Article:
I Am the Resurrection: A Tribute to John Fahey
First Appeared in The Music Box, February 2006, Volume 13, #2
Written by John Metzger
Considering that finger-picking legend John Fahey founded his own label, dabbled in everything from Indian ragas to dissonant pop, and subsequently influenced everyone from Jim O’Rourke to Leo Kottke, it isn’t a stretch to call him the original DIY artist. Consequently, it also isn’t surprising to discover that on the 13-track I Am the Resurrection: A Tribute to John Fahey, it’s the musicians of the indie rock world who come together to pay their respects. At its heart, Fahey’s music was rooted in old-time folk and blues, but by viewing these styles with a fresh perspective that straddled the line between classical composition and avant-garde psychedelia, he imaginatively reinvented them. Throughout I Am the Resurrection, the versatility of his approach is on display: Sufjan Stevens delves into the blissful, sunshine-turned-regal spirituality of Variation on ‘Commemorative Transfiguration & Communion at Magruder Park’; the Fruit Bats mines the mystical melancholia of Death of the Clayton Peacock; Lee Ranaldo paints The Singing Bridge of Memphis, Brooklyn Bridge Version: The Coelcanth with an eerie collage of sound effects and feedback; Devendra Banhart pensively meditates within Sligo River’s soothing slipstream; and Calexico playfully wanders through the disquieting atmospherics of Dance of Death. By definition, there’s nothing on I Am the Resurrection: A Tribute to John Fahey that is anywhere near as groundbreaking or strange as Fahey’s own recordings. Yet, what the performers — which also include Grandaddy, M. Ward, Cul de Sac, and Howe Gelb — accomplish is still strikingly potent.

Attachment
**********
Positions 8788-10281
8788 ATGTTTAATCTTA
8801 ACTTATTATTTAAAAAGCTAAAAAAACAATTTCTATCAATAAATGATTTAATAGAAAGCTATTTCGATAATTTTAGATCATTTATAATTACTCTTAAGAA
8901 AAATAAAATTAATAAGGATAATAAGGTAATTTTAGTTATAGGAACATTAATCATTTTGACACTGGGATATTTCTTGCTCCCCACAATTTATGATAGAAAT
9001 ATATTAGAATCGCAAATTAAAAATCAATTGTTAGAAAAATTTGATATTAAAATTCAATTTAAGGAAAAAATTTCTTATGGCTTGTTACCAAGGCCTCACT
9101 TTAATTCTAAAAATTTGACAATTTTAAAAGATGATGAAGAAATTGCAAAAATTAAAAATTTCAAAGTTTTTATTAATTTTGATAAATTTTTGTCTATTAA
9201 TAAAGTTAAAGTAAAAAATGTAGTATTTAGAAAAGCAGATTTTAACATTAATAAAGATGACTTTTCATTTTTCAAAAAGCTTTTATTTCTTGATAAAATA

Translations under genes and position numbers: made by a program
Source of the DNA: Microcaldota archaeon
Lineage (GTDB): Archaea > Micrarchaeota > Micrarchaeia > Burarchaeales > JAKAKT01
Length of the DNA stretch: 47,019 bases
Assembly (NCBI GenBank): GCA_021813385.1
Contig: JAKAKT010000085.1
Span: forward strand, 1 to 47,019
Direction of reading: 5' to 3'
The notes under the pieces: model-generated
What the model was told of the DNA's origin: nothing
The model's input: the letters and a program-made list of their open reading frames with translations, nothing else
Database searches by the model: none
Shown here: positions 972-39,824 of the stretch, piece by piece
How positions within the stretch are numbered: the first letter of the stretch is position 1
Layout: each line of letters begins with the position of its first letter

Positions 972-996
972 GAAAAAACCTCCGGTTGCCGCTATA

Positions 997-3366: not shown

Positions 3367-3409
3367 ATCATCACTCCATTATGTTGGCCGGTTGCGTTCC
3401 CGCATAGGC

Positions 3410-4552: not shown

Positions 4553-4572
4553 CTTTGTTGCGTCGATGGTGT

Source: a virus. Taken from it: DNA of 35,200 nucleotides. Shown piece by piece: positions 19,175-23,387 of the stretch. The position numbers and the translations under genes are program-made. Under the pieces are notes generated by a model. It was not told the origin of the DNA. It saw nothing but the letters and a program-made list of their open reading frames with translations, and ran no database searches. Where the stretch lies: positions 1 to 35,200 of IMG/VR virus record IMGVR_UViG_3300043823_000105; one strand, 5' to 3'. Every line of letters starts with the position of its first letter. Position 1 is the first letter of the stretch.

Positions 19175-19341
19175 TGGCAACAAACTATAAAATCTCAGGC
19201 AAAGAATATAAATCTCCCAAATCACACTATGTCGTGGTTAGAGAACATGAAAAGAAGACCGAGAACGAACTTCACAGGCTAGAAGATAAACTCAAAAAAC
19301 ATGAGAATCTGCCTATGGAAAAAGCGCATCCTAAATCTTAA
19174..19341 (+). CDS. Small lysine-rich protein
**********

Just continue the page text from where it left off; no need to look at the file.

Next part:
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1 Star: Pitiful
2 Stars: Listenable
3 Stars: Respectable
4 Stars: Excellent
5 Stars: Can't Live Without It!!
Copyright © 2006 The Music Box